A South America Travel Primer

A South America Travel Primer

By Graeme Bell

A South America Travel Primer

Explorer in Residence, Graeme Bell, on South America’s must-have experiences.

It took my family three years to circumnavigate South America. We explored every country of that spectacular continent and immersed ourselves into the lore, geography and culture.

The continent holds many secrets and it is our honor to share a few of those secrets with you.

The “Golden Circle”
A designation of my own invention, this magical circle includes northern Argentina, southern Brazil, Uruguay (and mysterious Paraguay). From the refreshing air and culture of Buenos Aires to magical Rio de Janeiro and west to Salta at the foot of the Andes. The Golden Circle is the most prosperous zone in South America, a fertile land rich in history and natural wonders. It is no coincidence that this is also the most inhabitable region of the continent, free of the hardship and rigors of the Amazon jungle, towering Andes or windswept Patagonia. It is here that many a traveler has found a home.

The formidable and enchanting Andes
The mountain range dominates the western coast of the continent, running parallel to the Pacific from northern Colombia until disappearing into the ocean, a thousand kilometers from Antarctica. From southern Ecuador to central Chile, the cold Humboldt current and Andes have worked together to create a 5,000 kilometer long strip of desert (if you are a courageous surfer looking for empty, overhead peaks and crushing barrels, look no further, a 4×4 is highly recommended). High in the Andes chewing coca leaves helps to alleviate altitude sickness and we marveled at the ability of the mountain people to endure and thrive in terrain at times as inhospitable as any on the planet. The Andes offer sublime opportunities for exploration and adventure, as the mere scale and elevation present challenges and obstacles in a world of peaks, volcanoes, lakes, llamas, alpaca, ice, history and a clear blue sky. This is a world of silence and strength, of visceral beauty and hard fought freedom.

The diversity of Brazil
Brazil is immense (the size of the USA less Alaska) and it can take weeks to traverse overland as the infrastructure deteriorates north of an imaginary boundary line of latitude between Brasilia and Rio de Janiero. The tempo of the coast discourages haste and it is all too easy to find yourself relaxing on the beach, coco gelato in hand. Southern Brazil is fertile, blessed with superb lakes and rivers and was extensively colonized by non-Iberian Europeans, particularly Italian and German. The unintentionally secretive “alpine” village of Gramado offers skiing, bratwurst, apfelsaft, chocolate, beer and sauerkraut served in buildings built by men dressed in lederhosen and the city of Blumenau boasts the second largest Oktoberfest in the world!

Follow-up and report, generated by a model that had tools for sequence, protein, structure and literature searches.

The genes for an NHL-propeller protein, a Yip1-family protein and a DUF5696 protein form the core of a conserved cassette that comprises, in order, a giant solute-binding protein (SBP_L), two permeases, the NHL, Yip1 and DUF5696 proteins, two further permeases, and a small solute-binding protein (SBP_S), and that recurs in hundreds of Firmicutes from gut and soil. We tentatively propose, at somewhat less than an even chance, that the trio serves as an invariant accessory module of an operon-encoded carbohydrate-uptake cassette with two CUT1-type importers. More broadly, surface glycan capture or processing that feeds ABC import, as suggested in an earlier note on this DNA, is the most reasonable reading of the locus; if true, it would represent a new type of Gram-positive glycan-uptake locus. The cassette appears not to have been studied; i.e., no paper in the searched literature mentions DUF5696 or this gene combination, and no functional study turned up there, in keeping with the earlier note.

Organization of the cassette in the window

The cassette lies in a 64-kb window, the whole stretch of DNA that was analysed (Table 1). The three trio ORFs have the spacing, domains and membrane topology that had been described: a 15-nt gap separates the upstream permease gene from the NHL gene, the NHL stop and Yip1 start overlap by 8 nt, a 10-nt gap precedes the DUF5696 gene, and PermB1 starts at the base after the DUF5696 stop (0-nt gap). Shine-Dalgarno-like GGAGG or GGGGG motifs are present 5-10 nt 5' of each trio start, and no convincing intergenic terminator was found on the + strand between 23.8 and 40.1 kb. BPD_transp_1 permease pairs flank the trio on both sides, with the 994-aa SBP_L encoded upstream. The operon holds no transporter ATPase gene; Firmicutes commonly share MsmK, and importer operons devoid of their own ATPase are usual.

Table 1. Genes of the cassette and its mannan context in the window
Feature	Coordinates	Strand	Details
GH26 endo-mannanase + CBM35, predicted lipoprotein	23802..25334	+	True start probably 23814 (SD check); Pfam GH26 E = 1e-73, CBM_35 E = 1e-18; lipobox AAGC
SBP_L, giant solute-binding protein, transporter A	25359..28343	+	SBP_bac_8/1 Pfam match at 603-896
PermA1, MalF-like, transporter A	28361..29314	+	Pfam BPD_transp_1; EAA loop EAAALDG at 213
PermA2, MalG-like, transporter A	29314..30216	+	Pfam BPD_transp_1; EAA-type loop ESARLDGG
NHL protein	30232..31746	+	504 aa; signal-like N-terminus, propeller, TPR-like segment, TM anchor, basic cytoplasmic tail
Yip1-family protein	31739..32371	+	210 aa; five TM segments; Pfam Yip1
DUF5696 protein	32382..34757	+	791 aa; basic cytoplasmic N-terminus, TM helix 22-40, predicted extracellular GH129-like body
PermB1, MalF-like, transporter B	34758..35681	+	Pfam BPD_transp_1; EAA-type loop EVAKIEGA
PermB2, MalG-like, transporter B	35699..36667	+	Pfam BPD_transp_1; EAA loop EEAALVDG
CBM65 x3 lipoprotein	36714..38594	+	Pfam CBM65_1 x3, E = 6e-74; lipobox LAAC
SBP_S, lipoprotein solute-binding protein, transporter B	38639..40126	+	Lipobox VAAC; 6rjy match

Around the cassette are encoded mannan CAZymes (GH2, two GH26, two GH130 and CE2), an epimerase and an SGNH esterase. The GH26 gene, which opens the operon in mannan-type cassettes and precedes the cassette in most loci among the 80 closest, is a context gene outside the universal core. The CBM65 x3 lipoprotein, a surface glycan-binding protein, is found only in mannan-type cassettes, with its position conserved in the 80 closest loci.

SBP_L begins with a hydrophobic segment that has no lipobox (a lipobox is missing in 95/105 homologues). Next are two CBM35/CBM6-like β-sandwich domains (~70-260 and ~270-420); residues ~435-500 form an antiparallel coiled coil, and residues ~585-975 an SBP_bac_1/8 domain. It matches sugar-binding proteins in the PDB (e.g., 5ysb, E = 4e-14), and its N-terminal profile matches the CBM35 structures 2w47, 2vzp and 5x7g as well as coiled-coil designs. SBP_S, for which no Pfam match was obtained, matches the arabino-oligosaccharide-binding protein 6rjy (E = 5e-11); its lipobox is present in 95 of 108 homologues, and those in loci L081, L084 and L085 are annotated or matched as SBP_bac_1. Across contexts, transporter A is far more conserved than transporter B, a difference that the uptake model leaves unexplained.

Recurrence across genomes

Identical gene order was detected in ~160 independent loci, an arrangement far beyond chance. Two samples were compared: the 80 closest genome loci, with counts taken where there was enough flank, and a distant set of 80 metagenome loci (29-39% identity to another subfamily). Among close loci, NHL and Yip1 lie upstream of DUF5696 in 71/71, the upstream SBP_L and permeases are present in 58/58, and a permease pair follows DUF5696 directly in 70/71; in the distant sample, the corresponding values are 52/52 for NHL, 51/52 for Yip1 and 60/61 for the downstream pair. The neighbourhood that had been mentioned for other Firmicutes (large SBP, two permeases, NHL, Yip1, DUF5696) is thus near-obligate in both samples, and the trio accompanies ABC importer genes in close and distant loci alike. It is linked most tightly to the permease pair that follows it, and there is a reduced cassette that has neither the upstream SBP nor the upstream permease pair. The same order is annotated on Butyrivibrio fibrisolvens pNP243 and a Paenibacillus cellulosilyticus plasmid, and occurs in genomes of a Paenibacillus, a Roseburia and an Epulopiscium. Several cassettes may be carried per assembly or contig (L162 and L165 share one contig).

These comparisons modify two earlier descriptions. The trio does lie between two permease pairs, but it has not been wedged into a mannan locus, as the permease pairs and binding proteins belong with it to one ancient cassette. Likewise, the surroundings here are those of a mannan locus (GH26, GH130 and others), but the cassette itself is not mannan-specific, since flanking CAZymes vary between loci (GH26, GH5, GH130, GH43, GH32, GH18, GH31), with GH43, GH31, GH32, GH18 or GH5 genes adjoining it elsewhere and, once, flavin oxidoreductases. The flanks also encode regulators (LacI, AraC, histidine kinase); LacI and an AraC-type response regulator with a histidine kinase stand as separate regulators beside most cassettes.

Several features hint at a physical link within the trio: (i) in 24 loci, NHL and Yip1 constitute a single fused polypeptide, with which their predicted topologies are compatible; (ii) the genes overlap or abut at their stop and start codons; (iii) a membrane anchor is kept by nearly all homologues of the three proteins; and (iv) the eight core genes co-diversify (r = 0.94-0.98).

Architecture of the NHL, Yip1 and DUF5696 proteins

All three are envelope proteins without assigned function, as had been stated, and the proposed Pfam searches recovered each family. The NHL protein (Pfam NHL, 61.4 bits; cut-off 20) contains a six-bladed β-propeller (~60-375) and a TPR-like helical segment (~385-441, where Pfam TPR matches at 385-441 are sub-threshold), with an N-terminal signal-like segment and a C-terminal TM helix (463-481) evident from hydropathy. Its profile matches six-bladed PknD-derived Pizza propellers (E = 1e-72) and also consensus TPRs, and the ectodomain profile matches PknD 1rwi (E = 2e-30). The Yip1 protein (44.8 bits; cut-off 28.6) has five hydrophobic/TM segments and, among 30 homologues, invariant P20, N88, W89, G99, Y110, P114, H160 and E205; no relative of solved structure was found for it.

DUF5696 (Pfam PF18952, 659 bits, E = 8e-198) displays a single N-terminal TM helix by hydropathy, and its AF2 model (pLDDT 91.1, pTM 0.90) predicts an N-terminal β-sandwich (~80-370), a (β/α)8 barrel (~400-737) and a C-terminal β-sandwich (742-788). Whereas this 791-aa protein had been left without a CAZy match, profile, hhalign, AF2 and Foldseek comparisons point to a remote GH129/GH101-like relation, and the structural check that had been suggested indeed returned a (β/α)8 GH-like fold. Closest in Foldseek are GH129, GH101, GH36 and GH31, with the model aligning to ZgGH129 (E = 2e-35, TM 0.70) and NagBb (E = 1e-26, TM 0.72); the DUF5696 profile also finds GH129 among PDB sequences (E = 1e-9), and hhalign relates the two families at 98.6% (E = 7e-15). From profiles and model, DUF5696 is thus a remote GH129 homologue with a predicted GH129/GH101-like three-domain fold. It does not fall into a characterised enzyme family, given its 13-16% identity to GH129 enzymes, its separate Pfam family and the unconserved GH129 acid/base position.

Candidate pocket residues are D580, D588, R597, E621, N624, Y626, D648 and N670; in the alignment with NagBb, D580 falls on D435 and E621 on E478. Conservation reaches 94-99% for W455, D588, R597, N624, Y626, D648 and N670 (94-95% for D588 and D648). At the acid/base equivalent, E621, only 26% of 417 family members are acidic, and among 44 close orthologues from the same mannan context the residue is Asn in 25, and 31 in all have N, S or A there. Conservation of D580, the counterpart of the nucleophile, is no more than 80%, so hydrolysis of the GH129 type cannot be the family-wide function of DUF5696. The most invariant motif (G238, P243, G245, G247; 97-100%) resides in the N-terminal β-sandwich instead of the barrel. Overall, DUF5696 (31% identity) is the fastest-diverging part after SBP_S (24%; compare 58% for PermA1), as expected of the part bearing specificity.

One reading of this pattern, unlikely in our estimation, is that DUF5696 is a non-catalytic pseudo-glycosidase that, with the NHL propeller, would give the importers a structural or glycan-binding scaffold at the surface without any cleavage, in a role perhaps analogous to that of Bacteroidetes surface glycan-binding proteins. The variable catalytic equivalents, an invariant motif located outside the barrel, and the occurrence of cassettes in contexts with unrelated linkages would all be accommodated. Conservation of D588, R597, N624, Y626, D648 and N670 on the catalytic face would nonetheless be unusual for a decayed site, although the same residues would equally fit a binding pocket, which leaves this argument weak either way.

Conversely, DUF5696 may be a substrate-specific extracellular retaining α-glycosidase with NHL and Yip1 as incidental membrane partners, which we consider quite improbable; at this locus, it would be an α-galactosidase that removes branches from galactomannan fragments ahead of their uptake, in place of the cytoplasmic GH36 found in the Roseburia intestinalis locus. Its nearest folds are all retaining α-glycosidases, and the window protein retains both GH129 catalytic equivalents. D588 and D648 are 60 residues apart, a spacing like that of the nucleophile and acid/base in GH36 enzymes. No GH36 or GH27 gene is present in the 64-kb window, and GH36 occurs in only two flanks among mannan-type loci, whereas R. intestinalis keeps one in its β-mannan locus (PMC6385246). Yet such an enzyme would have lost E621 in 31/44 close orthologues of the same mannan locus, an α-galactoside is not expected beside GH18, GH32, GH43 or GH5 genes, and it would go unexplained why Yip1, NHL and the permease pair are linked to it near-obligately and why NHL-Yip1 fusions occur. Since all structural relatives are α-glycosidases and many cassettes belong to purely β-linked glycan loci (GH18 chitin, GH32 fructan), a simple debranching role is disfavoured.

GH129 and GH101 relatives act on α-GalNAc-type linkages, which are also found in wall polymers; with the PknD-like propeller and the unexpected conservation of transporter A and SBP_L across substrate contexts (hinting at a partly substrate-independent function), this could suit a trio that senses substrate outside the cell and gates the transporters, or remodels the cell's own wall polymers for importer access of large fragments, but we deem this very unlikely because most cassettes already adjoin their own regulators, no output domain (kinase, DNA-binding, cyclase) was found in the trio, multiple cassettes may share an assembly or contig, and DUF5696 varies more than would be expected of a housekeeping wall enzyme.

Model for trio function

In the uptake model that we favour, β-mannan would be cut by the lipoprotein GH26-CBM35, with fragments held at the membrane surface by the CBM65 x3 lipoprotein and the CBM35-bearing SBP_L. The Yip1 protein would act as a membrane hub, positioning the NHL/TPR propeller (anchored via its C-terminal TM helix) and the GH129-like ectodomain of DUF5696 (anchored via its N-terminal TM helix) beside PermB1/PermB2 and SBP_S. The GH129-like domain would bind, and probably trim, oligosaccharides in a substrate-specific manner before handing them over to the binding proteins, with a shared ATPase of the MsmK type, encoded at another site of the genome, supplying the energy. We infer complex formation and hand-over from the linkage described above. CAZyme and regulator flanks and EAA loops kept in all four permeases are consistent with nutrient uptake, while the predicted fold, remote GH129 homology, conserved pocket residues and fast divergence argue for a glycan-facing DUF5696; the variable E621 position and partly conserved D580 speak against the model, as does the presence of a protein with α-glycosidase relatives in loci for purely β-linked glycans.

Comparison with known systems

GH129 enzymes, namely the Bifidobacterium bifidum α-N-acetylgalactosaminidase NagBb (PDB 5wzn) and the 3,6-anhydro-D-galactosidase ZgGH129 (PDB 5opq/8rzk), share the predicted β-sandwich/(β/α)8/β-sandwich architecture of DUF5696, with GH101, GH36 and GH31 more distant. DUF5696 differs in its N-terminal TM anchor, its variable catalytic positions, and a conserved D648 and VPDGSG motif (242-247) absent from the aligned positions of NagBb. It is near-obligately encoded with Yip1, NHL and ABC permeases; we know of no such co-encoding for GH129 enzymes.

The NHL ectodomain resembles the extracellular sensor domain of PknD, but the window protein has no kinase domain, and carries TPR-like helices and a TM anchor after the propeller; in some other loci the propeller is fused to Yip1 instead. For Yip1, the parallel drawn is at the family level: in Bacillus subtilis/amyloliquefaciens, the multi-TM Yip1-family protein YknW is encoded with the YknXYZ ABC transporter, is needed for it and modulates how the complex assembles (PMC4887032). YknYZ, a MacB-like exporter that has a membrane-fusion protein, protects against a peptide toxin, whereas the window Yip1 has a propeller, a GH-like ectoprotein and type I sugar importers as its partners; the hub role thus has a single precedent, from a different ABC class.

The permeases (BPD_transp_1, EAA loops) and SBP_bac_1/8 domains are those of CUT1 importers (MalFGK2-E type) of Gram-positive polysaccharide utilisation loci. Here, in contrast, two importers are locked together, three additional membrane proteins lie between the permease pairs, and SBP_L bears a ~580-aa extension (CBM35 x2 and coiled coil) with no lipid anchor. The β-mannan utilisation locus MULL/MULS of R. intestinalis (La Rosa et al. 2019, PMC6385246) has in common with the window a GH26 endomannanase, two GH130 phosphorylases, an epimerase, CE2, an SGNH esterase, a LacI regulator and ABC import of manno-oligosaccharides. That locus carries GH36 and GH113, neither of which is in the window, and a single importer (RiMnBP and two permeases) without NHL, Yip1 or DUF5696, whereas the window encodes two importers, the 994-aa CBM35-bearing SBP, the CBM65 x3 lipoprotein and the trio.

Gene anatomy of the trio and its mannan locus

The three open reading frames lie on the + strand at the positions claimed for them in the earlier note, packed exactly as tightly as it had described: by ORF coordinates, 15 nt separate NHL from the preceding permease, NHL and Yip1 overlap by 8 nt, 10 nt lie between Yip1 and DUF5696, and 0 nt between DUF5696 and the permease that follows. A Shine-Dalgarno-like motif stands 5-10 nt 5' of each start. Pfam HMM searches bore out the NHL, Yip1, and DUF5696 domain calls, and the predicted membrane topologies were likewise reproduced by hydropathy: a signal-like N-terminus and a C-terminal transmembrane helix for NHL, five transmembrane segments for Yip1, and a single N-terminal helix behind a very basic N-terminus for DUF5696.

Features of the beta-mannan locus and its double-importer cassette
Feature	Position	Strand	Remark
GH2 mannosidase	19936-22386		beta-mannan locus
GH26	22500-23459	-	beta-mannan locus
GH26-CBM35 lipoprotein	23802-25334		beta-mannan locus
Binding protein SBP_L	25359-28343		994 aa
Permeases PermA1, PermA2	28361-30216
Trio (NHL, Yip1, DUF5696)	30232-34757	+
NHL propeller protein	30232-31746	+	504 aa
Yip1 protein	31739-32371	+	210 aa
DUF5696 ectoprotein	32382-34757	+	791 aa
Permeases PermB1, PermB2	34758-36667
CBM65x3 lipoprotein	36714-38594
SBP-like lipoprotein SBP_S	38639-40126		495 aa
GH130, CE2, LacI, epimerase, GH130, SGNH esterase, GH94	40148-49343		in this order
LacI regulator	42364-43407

In Macapa, a bustling, weathered city on the northern banks of the Amazon river, we were affectionately called “gaucho” (cowboy), which is the northern nickname for southern Brazilians. The ferry journey from Macapa to Belem along the mighty Amazon river took 36 meandering, illuminating hours, our fellow sailors the hardy people who had survived for centuries in a living, breathing jungle evolved to consume all. A day’s drive from Amazonian Belem, we found ourselves in the flooded Lencois Maranhenses, a desert which fills with sparkling pools of fresh water in the wet season. We explored the desert in our Land Rover, sleeping beneath a spectacular, glittering sky, safe and alone. While the impressive southern cities attract the most visitors, we found the true heart of the country far from the Sao Paulo megalopolis. But, between you and I, Florianopolis is a particularly well kept secret.

The food!
If you are a carnivore, Uruguay and Argentina offer asado, the South American barbecue, which is second to none. The “Golden Circle” is home to fine wine and cheese and who can refuse an excellent beer at the end of a long day? The Brazilian churrasco is so much more than just a meal and Peru offers many culinary delights, particularly in Miraflores, the misty suburb of Lima where many cultures compete to tempt your taste buds. The fresh produce markets of South America offer an astounding array of affordable fruit and vegetables and the traders will warm to you instantly if you engage in trade with even basic Spanish.

The people and culture
South American culture revolves around family and labor. In general, Colombians and Brazilians are incredibly hospitable, Argentines and Chileans are serious and soulful, Peruvians and Bolivians are tough and as formidable as the Andes. Venezuelans are beleaguered yet optimistic and the Guyanese are either Caribbean, Dutch or French. Portuguese and German descendants form the ruling class in Brazil and Spanish descendants dominate the economies of the continent while the Inca and their cousins turn the wheels. South Americans value time, they try to find balance and are not consumed by the Western timetable. You cannot fight the siesta!

We made friends who became family, we were accepted, respected and inspired by so many people who taught us valuable lessons about love and life. We adore South America and left the continent with a firm promise to return. And return we will.

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